At first, we weren’t sure if it would work. HubSpot is a closed system – you can’t install your own applications like load balancers into HubSpot’s environment. Fortunately, Snapt’s Aria ADC supports routing via DNS, so we could run Aria in our own data center, and it would still accelerate our website running in HubSpot’s environment.

Here’s what we did:

  1. Downloaded and installed Aria ADC in our own data center. You can register and try it for yourself here:
  2. Connected Aria to our website on HubSpot using the website’s DNS config.
  3. In the Domains and URLs settings in HubSpot, set the domain as "Ready for publishing" – because a reverse proxy setup with a HubSpot-connected domain requires manual verification.
  4. Went to the Accelerator options and ... well, we just turned on all the options.


We didn’t think too hard about the configuration – we just wanted Aria to be as aggressive as possible in optimizing our HubSpot website. Aria was up and running in minutes. We got immediate feedback in the Aria dashboard that it was connected and accelerating live sessions on our website, with validation for our site’s SSL status.

snapt-website-aria-statusIn our testing, we immediately saw server response time drop from 1.2s to 80ms when running our HubSpot website through the Aria ADC, solving the single biggest performance limitation in HubSpot’s CMS. Items previously flagged by Google’s PageSpeed Insights (like image size, code size, first contentful paint) simply went away.

Using Snapt Aria to accelerate our HubSpot website took our PageSpeed score to around 80. Subjectively, web page load times dropped and general browsing became more responsive. Much better.


Bypassing HubSpot’s DOM with Tailwind CSS

We liked our new PageSpeed score, but we didn’t stop there. We wanted a score of 90+, with its lovely green color-coding to tell us that everything is going to be all right.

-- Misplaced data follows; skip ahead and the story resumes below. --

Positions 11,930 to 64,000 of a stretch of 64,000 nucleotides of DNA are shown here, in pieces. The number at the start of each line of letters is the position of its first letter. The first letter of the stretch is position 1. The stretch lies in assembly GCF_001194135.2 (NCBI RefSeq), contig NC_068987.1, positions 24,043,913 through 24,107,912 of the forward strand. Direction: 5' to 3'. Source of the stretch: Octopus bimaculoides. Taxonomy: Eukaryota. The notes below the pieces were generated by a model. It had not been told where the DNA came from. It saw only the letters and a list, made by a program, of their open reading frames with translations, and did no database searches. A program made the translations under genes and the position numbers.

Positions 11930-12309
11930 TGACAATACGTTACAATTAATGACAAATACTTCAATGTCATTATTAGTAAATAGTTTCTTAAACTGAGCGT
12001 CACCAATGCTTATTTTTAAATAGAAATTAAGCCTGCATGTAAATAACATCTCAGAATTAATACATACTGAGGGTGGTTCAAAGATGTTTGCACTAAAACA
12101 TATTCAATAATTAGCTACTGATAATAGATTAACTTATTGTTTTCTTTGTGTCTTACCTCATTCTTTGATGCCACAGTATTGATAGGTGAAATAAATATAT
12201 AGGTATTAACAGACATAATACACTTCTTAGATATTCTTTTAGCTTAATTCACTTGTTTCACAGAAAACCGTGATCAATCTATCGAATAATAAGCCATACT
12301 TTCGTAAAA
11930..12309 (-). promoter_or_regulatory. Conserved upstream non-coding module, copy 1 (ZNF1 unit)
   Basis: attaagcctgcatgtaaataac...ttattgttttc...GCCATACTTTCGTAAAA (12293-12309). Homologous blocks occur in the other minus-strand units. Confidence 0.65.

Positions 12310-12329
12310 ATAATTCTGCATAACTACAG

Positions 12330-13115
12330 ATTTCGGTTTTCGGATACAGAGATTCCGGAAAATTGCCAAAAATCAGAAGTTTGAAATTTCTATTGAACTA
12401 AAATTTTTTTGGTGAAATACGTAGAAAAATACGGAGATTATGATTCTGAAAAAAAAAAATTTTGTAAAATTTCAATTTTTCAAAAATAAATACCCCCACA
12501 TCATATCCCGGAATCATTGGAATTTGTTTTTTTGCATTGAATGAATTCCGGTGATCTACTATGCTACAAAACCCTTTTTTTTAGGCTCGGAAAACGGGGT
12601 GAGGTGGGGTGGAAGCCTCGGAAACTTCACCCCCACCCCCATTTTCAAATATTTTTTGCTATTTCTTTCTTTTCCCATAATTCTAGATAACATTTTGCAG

We previously identified one of the challenges of optimizing on HubSpot: the document object model (DOM) is quite heavy, with every template module nested in numerous divs and spans. Our next project was to bypass the HubSpot template system as much as possible, to reduce the load.

Our website team made a shortlist of the best front-end frameworks for fast performance and identified Alpine.js and Tailwind CSS as their preferred frameworks for developing customizable modules that use a lightweight element structure and stylesheet, and which integrate well with HubSpot’s page editor.

That second part is important. We have several non-developers creating and editing content on our website. The fastest website backend is useless if our less technical team members can’t get in there and edit their content with the HubSpot CMS GUI they know and love.

We have replaced the website menu and we are currently in the middle of replacing existing pages with new ones built using Tailwind. So far, on the pages we have updated, the results are exactly what we want.

PageSpeed is 90+ and green!




Our website and product teams did a great job optimizing our HubSpot website PageSpeed within the limitations of HubSpot’s ecosystem. Adopting Alpine.js and Tailwind CSS within HubSpot is a significant upgrade. But it was the Snapt product itself, acting as a web accelerator via DNS, that was the biggest surprise.

The Snapt marketing team spends all day promoting the capability of Snapt’s ADCs to keep websites and applications available, secure, and fast, but we were still astonished to see for ourselves the difference Snapt Aria made, and to see how effective it was even when our website was running in a separate environment and not immediately adjacent to Aria.

Are you running your website on HubSpot? Is your Google PageSpeed score in the red? Let us know and we will accelerate your HubSpot website. You can get started yourself with a free trial or book a free technical consultation with our expert team.